Ireland to stick with winning formula against England
After two opening Six Nations wins Andy Farrell’s side largely picks itself
Caelan Doris is likely to be restored to the replacements in the only change to the match-day 23. Photo: Inpho
If it ain’t broke don’t fix it is likely to be the attitude of Andy Farrell and his assistant coaches when he unveils his starting XV and replacements for Sunday’s pivotal Six Nations meeting with England at Twickenham (kick-off 3pm).
Having backed up the win over Scotland with an improved, bonus point victory over Wales, the return of Caelan Doris after being rested for the latter game looks like being the only change to the match-day 23 with Max Deegan making way for his Leinster team-mate.
While Conor Murray’s sharp passing, strength and decision making in the opening two games have calmed the previously heightened debate over the scrumhalf position, the demands for Doris being reinstated at number eight against England have intensified, with Victor Costello and Gordon D’Arcy among those leading the calls.
If that were to come to pass, it would presumably mean CJ Stander shifting to blindside after two man of the match performances in which his strength in the jackal to win turnovers has been a huge factor in the two wins, with Peter O’Mahony dropping back to the bench.
Doris was desperately unfortunate to see his debut against Scotland ended in the fourth minute, and in light of the premature end to his Champions Cup debut against Benetton last December due to concussion, he was not considered for the Welsh game.
The 21-year-old from Ballina is strong in the jackal himself, and with his lines of running, strength in the carry, offloading game and tackling, looks sure to be re-instated in the match-day squad on Wednesday.
His claims for starting will have been seriously considered too. Had Doris got two test starts under his bell instead of a few minutes, the case for starting him in Twickenham would have been compelling. And all things being equal, he has the ability to go on and have a serious career at international level.
However O’Mahony’s response to being left on the bench against Scotland, if only for the first four minutes as events transpired, has been eye-catching. The Munster man should thus be retained for what promises to be a key battle at the breakdown on the presumption that Eddie Jones retains Tom Curry at eight as one of three opensides in the English back-row.
If Farrell and co do look to inject some additional carrying, it might be that David Kilcoyne will be promoted given his consistently strong form of late and the impact he made against Wales. But Cian Healy will most likely start again.
The backline looks pretty much nailed on. After two years cutting his teeth at this level, Jordan Larmour’s time has finally come and, after starting back-to-back matches at fullback for the first time, he has added another dimension to Ireland’s attacking game. It’s not just his footwork and ability to beat the first tackle - witness the breakthrough try against Wales - but he also hit the line and linked well with his wingers in that game.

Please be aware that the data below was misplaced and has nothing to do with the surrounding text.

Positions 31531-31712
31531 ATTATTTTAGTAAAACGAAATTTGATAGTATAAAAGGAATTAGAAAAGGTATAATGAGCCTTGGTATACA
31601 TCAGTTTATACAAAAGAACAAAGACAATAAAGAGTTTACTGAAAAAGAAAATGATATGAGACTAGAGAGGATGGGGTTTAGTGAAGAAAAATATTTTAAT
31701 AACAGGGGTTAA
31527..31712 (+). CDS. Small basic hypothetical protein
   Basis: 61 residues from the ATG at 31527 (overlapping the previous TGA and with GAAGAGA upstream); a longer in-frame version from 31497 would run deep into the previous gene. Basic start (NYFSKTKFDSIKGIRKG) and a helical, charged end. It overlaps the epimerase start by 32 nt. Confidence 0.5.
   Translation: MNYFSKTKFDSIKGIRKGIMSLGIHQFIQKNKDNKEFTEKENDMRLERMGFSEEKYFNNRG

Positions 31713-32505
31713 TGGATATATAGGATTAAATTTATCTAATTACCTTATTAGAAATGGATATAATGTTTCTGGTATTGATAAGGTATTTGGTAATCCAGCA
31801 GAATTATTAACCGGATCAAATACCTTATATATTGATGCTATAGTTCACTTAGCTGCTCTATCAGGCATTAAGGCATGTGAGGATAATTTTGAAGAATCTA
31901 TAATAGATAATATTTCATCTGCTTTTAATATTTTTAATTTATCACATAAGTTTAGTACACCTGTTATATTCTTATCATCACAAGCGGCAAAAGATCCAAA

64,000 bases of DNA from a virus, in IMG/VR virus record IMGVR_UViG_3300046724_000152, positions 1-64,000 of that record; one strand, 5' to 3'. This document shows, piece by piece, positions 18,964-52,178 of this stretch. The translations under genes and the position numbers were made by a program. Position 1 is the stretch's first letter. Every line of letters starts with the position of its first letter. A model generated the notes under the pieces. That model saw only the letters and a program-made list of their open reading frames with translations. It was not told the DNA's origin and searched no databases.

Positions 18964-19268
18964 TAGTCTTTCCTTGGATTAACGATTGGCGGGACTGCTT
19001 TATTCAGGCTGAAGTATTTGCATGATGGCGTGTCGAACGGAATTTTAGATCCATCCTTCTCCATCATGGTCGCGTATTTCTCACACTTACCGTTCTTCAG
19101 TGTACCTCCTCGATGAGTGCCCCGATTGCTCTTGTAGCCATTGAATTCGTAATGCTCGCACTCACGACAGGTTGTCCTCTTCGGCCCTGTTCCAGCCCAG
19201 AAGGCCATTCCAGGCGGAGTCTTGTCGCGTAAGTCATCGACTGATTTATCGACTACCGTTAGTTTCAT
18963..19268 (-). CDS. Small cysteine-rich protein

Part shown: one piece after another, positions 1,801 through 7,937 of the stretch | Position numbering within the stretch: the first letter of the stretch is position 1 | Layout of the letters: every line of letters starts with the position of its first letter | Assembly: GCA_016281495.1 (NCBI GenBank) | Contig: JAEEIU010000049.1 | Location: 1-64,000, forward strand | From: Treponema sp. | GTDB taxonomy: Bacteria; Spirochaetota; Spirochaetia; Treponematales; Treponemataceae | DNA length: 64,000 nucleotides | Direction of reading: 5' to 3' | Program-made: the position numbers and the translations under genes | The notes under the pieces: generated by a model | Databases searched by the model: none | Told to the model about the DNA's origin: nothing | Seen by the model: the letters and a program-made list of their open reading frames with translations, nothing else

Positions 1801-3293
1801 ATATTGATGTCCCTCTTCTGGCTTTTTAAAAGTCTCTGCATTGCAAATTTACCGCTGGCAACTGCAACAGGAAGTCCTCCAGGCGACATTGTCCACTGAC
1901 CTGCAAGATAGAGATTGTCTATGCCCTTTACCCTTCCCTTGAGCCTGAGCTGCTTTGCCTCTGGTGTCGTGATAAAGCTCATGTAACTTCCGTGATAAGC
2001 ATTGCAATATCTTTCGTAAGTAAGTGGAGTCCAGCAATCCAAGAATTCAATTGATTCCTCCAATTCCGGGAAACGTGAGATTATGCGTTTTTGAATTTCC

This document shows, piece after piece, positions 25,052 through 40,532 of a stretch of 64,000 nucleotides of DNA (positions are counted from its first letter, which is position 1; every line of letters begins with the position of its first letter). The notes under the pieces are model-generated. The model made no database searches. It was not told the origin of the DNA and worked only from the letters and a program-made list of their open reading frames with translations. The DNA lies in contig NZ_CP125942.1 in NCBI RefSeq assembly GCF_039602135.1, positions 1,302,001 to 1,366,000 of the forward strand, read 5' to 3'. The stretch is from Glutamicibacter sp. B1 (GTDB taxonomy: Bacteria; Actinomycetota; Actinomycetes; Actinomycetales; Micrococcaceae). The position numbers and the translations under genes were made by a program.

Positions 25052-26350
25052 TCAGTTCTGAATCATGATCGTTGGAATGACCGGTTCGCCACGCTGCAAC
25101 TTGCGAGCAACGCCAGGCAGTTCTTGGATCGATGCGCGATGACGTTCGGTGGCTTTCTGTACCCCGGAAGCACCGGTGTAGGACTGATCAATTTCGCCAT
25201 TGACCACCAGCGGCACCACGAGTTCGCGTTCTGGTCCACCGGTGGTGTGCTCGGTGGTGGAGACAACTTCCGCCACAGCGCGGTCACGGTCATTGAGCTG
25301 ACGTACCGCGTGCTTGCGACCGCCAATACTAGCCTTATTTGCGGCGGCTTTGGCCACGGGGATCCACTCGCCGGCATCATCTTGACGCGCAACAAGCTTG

Similarly, having had to wait a good while longer, the 28-year-old Andrew Conway is hell-bent on not letting slip this hard-earned opportunity. Whereas the Scottish game was Larmour’s second start in the Six Nations, it was a first for Conway and continuing on in the same vein against Wales his every single involvement was a positive, whether chasing a high ball, making a carry, kicking, tackling or, ultimately finishing off his tenth try in 20 tests smartly.
Keith Earls’ knee issues may have partly opened the door for Conway, and the former quipped last week that he now wants to apply the heat on his provincial teammate which he himself had been experiencing in recent years. Earls’ assured impact off the bench for the last 35 minutes against Wales in the relatively unfamiliar position of outside centre showed he was true to his word.
Will Addison might look like a more obvious fit for the number 23 jersey in that he can cover midfield and the back three, and he was the only player not in the match-day 23 against Wales who was subsequently named in the squad for last week’s two-day training camp.
However, his ongoing calf issues, which prevented him from attending the camp in Cork, has probably clarified that picture, besides which Earls’ display as a replacement for Robbie Henshaw was a reminder of his ability to cover midfield as well as wing.
Making good decisions on the ball and in defence, Earls also distributed well, and it was hard to believe he hadn’t started a game in midfield for Munster in over two years and for Ireland in almost four.
Helped by Ireland’s work-rate off the ball making space in the wider channels, Henshaw’s own performance made light of Garry Ringrose’s loss due to the fractured thumb which now makes him doubtful for the remainder of the tournament. Using his footwork to beat tackles or find soft shoulders, and also looking to offload, Henshaw’s display was a reminder that there is more to him than trucking the ball up at inside centre.
That said, Henshaw and his old Connacht midfield partner Bundee Aki are liable to have a tougher task defensively in limiting the effect of Manu Tuilagi, who is expected to be restored to the English midfield as their go-to man after recovering from the calf injury which forced his departure just 15 minutes into their opening defeat by France. Jones does not name his side until Friday.
Jones’ selection looks less predictable whereas, as is usually the case with a settled team, it’s a barometer of Ireland’s relative well-being that the side in large part picks itself.
Ireland (possible v England): Jordan Larmour; Andrew Conway, Robbie Henshaw, Bundee Aki, Jacob Stockdale; Johnny Sexton (capt), Conor Murray; Cian Healy, Rob Herring, Tadhg Furlong; James Ryan, Iain Henderson; Peter O’Mahony, Josh van der Flier, CJ Stander.